How to Read Lead Sheets and Chord Charts

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You want me to play that? Where is the left hand part? Where is the time signature? Why aren't there any barlines?

If you haven't guessed it by now, I'm talking about lead sheets and chord charts.

Last year, I put together a free online workshop on this topic (watch it here). Today, I want to share the transcript, for those of you that may prefer to read it. I'll talk about chord types, chord symbols, lead sheets and chord charts, accompaniment styles, and variation techniques you can start using right away.

So, grab a pen and a piece of paper (or better yet, print out the corresponding practice files - there's a notes page at the end of the packet) and get ready for a crash course in how to read lead sheets and chord charts.

This topic is especially applicable to those of you in more contemporary church settings, but I think you’ll find that the skills used in playing lead sheets and chord charts are skills we can all use - these are basic musicianship skills, for the most part. So, even if you’re not in a situation where you need to play from a lead sheet on a regular basis, I think you’ll find the skills useful in the work you do, from harmonizing to composing to playing more by ear to developing flexibility, and more.

Let’s begin with the basics:

Chords

There are a few different types of chords you’ll see when reading and playing lead sheets and chord charts. Here’s a quick refresher from those high school and college-level theory classes on what those chords are and what they look like:

A major chord is a group of three notes: the root, a major third above (4 half steps), and a minor third above that (3 half steps), which is the fifth of the chord. For example, a C major chord is C-E-G: the root, the third, and the fifth.

    Similarly, a minor chord is the root, a minor third above (3 half steps), and a major third above that (4 half steps). Notice how similar this is to the major chord: only the middle note, the third, changes. It moves down one half step. The root and fifth stay the same.

      A seventh chord adds a minor seventh above the root. The C7 chord, for instance, includes the notes of the major chord, C-E-G, plus a Bb on top, the seventh.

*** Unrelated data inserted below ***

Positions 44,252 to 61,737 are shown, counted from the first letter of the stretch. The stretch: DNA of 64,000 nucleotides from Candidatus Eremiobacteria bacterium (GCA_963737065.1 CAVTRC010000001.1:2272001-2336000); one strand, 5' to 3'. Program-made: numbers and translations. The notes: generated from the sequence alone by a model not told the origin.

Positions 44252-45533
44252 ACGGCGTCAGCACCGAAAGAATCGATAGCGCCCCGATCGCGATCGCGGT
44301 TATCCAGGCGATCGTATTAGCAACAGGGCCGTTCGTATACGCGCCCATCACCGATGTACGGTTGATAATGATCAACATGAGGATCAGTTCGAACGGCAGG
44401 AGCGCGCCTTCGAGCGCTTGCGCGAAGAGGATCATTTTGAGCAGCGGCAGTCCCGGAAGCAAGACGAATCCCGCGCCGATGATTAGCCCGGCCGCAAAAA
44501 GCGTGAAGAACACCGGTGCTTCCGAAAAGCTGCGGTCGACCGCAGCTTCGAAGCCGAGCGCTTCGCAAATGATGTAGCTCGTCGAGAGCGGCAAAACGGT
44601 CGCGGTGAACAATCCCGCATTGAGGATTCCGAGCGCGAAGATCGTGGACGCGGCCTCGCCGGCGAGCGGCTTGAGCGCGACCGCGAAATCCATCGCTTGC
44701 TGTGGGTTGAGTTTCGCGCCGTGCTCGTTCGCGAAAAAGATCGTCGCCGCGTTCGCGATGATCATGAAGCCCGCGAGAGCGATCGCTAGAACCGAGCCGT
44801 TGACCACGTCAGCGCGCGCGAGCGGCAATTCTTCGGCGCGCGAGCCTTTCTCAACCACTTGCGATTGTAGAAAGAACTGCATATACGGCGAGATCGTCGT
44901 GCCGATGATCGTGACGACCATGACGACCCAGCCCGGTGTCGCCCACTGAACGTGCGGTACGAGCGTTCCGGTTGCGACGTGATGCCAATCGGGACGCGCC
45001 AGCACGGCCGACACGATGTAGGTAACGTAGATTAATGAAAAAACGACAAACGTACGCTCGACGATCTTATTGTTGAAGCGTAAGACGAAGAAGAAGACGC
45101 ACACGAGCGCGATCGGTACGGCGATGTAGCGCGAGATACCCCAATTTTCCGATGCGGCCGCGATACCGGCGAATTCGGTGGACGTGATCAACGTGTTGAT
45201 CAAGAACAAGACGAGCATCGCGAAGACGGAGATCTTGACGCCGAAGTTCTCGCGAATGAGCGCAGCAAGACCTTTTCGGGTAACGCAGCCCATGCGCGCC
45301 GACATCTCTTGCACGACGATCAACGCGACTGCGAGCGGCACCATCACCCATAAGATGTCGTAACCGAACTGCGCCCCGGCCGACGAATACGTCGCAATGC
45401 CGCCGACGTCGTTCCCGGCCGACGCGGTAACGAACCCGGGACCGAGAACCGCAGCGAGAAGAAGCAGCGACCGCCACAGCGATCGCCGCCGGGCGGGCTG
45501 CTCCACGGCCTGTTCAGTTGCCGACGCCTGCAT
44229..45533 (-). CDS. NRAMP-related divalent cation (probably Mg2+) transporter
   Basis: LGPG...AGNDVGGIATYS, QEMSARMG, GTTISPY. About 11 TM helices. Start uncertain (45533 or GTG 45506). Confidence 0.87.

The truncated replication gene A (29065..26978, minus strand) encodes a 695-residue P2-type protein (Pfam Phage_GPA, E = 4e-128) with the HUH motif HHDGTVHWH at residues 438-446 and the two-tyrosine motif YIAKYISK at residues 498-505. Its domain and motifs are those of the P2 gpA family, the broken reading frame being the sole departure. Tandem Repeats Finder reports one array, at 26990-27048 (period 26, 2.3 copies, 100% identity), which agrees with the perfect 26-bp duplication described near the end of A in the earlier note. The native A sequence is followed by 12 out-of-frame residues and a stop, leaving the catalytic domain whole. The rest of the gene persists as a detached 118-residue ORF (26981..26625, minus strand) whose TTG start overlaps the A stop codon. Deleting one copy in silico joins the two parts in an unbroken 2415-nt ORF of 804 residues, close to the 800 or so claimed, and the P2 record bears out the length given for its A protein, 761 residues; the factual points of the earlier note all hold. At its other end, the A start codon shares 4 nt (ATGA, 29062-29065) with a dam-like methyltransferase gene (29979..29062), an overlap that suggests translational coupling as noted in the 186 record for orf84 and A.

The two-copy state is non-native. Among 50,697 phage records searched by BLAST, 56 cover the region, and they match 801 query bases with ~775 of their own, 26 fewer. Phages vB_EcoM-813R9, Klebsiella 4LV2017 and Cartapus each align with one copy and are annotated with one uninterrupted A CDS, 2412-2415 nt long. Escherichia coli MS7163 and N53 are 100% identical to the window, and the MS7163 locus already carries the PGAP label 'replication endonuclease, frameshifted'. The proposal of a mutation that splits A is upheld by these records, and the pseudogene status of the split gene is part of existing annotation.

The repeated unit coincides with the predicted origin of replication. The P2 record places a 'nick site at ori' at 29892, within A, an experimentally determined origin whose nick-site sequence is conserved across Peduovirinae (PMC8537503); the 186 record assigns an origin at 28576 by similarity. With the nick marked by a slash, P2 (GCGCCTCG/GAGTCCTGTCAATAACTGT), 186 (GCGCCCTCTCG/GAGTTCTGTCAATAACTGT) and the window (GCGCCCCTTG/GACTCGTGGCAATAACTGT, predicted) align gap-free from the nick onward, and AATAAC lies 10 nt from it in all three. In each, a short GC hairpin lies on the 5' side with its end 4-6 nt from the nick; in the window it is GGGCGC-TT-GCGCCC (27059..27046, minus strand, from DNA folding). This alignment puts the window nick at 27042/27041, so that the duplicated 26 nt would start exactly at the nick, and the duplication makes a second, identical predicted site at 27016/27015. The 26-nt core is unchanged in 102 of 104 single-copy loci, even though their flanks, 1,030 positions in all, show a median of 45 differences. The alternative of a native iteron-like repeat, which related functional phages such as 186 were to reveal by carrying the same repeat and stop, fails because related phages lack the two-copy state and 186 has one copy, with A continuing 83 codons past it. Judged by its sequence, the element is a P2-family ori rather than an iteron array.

An augmented chord means to raise the fifth by a half step, creating two major thirds stacked on top of each other. The C augmented chord is very similar to the C major chord, except the fifth is one half step higher, so it’s spelled C-E-G#.

          Similarly, a diminished chord means to lower both the third and fifth by a half step, creating two minor thirds stacked on top of each other. The C diminished chord is very similar to the C minor chord, except the fifth is one half step lower, so it’s spelled C-Eb-Gb.

          Chord Symbols

            Chord symbols are the letters and numbers you see above the staff or above the lyrics on a chord chart. Chord symbols tell us what kind of chord to play.

              The capital letter tells us the root of the chord and the number tells us about other notes to add in. For instance, take the D7 chord. The “D” tells us to play a D major chord: D, F#, and A. The “7” tells us to add a minor seventh above the root of that chord, which in this case is C. So, the D7 chord is spelled: D-F#-A-C. In jazz music, you may see numbers like “9,” “11,” or “13,” indicating that you’d add the ninth, eleventh, or the thirteenth note above the root of the chord to add richness and color. 

              Sometimes, you might see two numbers with a dash between them, like 4-3 next to the letter. This means to play the chord indicated with the fourth note above the root (instead of the third), then resolve to the third. An A4-3 chord would be spelled A-D-E, with the D resolving down to C#, the third. This is called a suspension.

              If there is a lowercase “m” after the capital letter, that means to play the minor version of that chord. For example, "Bm" means to play a B minor chord (B-D-F#). 

              If the chord symbol has a slash in it, this tells us to play a specific inversion of the chord. Inversion is simply a way of respelling the notes of the chord. If you see something like G/B, it means to play a G chord with B as the lowest note, spelled B-D-G (a G chord in first inversion). The notes of the chord stay in the same order, you just start on B and build up from there.

              You will see flat (b) and sharp (#) signs in chord symbols (e.g. Eb/G or D/F#) and plus (+) and degree (o) signs, indicating an augmented chord or diminished chord, respectively. These types of chords may also be abbreviated “aug.” or “dim.” (e.g. “Caug” or "Cdim”). 

                Let’s practice. 

                Here are a few chord progressions written in chord symbols. Can you translate these? Can you play them on the piano? 

                C   F/C   G7/B   C
                G   Am7/E   C   D7   G
                Am   F/D   Am/E   E   Am   Dm   E4-3   A/C#